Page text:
Short, simple practices help people refuel their surge capacity, build their resilience and improve their cognitive functioning. In short, they feel better and lawyer better. Many find that the blend­ing of scientific theory and short, targeted stress-reduction tools works well for our lawyer brains. Armed with theory and a simple resilience toolkit, lawyers who are looking for support are quick to imple­ment the skills and reap the rewards. If your firm offers resilience training that is tailored to lawyers and support staff as you ramp up back to the office or upon returning, it will address two things: helping your workforce recover from the trauma of the pandemic and building lifelong skills that prevent burnout and increase productivity.

Moving Through the Next Phase

As we move through this next phase of life after the pandemic, know that we are still navigating a lot of unknowns, and there are still many choices to be made. If you are wondering what to do to support your workforce’s mental health, assume that others are wondering too. None of us has all the answers, and no firm is totally prepared or completely confident about its path forward. Reach out for advice from outside experts or other firms on how to best move forward. The pandemic may shift our legal culture from feeling uncomfortable talking about mental health to normalizing it as a necessary part of lawyering well. Imagine what it would be like to provide training for team leaders on talking to team members about post-traumatic stress.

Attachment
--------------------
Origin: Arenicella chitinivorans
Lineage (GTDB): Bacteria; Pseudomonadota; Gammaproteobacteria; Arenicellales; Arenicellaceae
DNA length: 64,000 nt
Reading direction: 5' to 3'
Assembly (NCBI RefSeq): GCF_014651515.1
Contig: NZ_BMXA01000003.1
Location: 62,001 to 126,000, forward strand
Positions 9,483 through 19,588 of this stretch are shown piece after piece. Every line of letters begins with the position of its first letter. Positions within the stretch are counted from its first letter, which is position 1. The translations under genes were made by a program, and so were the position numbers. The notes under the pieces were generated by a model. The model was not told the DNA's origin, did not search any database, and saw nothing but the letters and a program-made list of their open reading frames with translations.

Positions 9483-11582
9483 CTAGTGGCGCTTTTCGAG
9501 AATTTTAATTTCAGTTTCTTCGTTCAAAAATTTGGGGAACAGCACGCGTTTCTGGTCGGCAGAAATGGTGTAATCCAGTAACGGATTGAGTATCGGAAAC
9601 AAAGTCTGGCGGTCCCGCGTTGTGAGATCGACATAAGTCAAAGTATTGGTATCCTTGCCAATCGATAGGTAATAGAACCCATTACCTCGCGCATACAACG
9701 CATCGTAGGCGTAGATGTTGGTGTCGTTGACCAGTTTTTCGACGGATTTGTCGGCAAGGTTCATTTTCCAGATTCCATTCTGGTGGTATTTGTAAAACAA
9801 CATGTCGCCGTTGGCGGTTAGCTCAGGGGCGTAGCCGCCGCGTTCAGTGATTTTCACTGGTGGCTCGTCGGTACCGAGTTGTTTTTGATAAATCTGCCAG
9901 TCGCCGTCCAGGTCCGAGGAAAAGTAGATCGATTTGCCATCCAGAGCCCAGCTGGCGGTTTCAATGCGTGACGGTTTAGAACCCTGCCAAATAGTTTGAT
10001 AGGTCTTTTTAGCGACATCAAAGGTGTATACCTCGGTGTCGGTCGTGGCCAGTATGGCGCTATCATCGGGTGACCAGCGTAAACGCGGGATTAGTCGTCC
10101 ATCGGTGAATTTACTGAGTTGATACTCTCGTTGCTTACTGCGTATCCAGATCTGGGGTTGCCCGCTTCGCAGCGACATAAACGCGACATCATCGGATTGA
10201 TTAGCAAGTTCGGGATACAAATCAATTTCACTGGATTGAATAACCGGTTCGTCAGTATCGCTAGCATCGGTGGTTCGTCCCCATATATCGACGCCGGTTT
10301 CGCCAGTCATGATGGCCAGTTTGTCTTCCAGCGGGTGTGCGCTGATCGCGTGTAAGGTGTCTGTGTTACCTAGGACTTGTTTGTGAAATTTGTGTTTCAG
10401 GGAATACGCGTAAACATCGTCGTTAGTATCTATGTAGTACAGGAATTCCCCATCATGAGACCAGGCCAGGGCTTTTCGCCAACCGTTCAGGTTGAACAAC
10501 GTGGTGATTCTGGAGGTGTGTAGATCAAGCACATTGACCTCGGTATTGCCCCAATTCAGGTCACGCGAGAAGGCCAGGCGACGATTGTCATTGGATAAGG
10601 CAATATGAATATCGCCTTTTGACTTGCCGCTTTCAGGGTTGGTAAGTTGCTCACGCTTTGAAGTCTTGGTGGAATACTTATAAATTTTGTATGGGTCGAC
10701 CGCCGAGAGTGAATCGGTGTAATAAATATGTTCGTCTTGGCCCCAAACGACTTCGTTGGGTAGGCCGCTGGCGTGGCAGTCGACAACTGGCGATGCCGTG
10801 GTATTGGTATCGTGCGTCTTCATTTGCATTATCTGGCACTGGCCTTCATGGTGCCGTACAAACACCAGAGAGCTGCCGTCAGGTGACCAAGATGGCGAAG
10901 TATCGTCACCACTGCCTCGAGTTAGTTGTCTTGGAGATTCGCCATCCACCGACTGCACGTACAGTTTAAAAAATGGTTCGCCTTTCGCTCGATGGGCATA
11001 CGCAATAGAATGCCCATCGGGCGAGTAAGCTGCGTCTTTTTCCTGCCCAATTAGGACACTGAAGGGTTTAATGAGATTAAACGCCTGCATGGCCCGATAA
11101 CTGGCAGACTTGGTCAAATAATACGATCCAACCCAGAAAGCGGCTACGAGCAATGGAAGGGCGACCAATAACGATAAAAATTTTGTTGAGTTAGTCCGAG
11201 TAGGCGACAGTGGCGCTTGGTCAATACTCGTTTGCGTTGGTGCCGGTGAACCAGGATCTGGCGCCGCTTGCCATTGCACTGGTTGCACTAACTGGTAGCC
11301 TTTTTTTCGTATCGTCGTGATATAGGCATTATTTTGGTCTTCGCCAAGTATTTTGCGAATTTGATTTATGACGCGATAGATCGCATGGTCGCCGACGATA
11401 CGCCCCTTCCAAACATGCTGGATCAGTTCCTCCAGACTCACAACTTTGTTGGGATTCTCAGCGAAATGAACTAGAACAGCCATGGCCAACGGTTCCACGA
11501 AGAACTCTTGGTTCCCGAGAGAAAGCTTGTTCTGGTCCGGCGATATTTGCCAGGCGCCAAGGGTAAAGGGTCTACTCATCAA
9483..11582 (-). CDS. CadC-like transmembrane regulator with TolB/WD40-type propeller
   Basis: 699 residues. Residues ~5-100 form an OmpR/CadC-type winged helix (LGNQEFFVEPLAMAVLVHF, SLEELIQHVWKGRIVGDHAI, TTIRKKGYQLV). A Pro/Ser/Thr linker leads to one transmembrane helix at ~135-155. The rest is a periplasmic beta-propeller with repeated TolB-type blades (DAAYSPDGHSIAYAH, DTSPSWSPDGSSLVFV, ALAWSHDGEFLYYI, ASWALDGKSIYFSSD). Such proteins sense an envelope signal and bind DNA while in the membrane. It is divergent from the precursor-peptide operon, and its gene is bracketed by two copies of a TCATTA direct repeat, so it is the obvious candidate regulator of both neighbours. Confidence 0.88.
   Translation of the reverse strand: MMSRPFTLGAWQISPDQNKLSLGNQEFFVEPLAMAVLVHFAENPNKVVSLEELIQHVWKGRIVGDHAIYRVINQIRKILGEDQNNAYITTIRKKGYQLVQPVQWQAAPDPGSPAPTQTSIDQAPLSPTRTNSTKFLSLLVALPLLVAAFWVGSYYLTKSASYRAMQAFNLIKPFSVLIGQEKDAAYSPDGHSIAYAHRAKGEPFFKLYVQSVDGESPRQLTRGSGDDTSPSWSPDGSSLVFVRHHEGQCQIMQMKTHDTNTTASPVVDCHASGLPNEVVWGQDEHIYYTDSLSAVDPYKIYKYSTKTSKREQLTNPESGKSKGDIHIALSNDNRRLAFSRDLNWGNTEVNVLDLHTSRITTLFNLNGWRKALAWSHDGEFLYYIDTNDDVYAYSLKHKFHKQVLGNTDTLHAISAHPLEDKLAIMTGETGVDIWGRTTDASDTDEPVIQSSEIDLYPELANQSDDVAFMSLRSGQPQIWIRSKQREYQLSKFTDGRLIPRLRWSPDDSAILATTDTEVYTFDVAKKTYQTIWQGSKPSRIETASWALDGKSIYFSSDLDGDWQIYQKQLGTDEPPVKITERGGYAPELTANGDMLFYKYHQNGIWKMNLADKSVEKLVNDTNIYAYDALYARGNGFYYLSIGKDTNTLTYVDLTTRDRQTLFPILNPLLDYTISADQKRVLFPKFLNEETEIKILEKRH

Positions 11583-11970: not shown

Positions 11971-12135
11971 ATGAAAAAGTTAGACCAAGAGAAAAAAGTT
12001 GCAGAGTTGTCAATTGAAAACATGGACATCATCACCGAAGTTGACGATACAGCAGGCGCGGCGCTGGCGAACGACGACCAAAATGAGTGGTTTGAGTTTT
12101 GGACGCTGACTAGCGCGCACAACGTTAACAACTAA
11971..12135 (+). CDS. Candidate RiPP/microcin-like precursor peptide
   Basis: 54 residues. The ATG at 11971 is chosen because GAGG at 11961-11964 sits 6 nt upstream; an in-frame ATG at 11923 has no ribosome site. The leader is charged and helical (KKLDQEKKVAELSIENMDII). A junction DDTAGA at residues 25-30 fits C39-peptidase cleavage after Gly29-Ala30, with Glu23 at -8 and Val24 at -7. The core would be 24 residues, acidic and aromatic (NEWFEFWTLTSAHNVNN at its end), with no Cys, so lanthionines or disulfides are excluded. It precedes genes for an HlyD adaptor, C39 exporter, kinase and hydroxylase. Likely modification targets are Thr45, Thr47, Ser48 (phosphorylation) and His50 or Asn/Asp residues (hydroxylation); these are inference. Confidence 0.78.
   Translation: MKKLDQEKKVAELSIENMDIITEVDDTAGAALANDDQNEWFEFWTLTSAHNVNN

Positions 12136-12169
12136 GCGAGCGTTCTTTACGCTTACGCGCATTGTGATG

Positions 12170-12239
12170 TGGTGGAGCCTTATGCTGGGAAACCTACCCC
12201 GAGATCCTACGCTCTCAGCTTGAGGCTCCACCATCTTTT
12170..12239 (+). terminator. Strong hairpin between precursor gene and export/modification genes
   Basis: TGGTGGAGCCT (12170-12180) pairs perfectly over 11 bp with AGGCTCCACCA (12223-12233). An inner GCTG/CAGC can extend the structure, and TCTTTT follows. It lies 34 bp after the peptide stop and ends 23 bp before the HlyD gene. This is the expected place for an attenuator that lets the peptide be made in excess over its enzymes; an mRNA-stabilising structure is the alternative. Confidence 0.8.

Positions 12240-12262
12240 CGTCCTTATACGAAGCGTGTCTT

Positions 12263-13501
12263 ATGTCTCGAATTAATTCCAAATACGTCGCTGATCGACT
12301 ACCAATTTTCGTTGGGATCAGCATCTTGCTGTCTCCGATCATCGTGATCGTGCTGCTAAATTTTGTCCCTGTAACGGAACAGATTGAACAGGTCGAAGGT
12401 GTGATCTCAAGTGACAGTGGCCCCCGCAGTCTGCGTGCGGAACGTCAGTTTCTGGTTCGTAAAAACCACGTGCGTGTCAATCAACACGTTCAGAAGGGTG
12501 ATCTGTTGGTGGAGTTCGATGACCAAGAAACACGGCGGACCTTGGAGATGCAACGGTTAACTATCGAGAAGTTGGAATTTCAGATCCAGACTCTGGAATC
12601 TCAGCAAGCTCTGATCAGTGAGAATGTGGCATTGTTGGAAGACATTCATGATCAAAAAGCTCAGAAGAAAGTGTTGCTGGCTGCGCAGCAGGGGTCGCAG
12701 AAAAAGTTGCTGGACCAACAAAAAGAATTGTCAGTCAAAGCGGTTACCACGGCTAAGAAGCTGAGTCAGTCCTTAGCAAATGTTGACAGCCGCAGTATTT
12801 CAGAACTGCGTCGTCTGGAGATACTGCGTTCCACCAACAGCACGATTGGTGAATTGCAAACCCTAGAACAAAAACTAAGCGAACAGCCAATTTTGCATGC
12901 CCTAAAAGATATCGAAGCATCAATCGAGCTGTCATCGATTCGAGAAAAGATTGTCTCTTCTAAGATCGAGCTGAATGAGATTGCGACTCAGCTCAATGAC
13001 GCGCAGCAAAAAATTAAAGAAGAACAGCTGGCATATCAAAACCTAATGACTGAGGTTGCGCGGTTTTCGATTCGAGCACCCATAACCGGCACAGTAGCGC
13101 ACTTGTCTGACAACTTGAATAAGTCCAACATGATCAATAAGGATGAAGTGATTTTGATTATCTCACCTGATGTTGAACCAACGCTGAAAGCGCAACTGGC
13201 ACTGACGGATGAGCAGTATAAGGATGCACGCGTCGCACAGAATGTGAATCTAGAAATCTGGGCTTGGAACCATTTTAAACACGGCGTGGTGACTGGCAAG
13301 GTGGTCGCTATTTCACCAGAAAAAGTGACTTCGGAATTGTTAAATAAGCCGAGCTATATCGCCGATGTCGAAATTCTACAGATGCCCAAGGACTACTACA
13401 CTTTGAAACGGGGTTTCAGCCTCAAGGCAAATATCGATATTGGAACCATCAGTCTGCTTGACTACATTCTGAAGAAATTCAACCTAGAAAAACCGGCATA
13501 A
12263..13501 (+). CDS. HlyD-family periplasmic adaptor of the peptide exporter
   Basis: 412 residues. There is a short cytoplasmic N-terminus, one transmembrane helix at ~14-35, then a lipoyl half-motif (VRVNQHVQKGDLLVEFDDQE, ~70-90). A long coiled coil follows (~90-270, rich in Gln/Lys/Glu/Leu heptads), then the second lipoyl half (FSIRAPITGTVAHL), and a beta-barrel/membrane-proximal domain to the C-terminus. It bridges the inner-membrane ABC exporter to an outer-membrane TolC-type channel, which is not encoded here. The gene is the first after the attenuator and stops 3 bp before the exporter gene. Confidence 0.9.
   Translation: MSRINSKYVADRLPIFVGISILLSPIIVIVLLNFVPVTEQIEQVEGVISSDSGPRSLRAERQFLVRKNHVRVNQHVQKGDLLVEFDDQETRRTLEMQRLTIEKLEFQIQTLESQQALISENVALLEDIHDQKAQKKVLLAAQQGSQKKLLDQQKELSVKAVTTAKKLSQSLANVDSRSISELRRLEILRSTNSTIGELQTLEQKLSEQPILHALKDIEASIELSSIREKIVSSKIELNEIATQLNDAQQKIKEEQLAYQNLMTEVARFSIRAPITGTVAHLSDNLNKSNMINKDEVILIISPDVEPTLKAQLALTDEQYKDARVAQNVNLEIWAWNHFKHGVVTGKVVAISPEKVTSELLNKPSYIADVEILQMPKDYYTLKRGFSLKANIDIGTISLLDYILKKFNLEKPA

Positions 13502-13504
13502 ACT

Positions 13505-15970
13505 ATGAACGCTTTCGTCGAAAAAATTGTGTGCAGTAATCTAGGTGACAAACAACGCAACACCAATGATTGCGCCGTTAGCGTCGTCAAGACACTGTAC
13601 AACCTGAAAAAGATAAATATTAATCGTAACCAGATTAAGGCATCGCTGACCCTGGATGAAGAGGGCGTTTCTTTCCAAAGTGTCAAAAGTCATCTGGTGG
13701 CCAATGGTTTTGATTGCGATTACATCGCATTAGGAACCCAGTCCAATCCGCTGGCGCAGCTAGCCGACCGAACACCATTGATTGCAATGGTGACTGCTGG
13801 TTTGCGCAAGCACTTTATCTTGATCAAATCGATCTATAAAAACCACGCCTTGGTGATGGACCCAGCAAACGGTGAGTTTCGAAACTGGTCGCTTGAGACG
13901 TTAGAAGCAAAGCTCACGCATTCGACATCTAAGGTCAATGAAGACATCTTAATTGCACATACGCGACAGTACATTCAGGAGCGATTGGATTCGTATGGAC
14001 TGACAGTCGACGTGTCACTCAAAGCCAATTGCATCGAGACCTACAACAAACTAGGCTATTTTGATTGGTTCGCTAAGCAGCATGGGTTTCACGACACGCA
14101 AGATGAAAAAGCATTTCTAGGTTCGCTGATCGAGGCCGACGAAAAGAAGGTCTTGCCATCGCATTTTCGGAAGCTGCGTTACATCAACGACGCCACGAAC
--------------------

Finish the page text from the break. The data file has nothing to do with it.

Incorporating offerings that support mental health and grow both resilience and surge capacity is a cutting-edge way of doing business. It is also a more pro­ductive and effective way to run your firm. Be clear with your policies, as flexible as you can with return-to-office options and as generous as you can with resourcing. Through this process, your team can orient to what’s happening now, make a solid plan and move forward with greater confidence. A firm that is mental-health-informed and unites to implement mini-moments of well-being throughout the workday is best prepared to traverse the uncertainties of the now and those to come.

Laura Mahr


Laura Mahr is a North Carolina lawyer, an Oregon lawyer and the founder of Conscious Legal Minds LLC (con­, providing mindfulness-based wellness coaching, training and consulting for attor­neys, law offices and bar associations nationwide. Her work is informed by 13 years of practice as a civil sexual assault attorney, 25 years as a student and teacher of mindfulness and yoga, a love of neurobiology and neuropsychology, and a passion for resilience. She is author of the “Pathways to Well-being” column for the North Carolina State Bar Journal, and the “Mindful Moment” column for the North Carolina Lawyer Assistance Program Sidebar publication. info@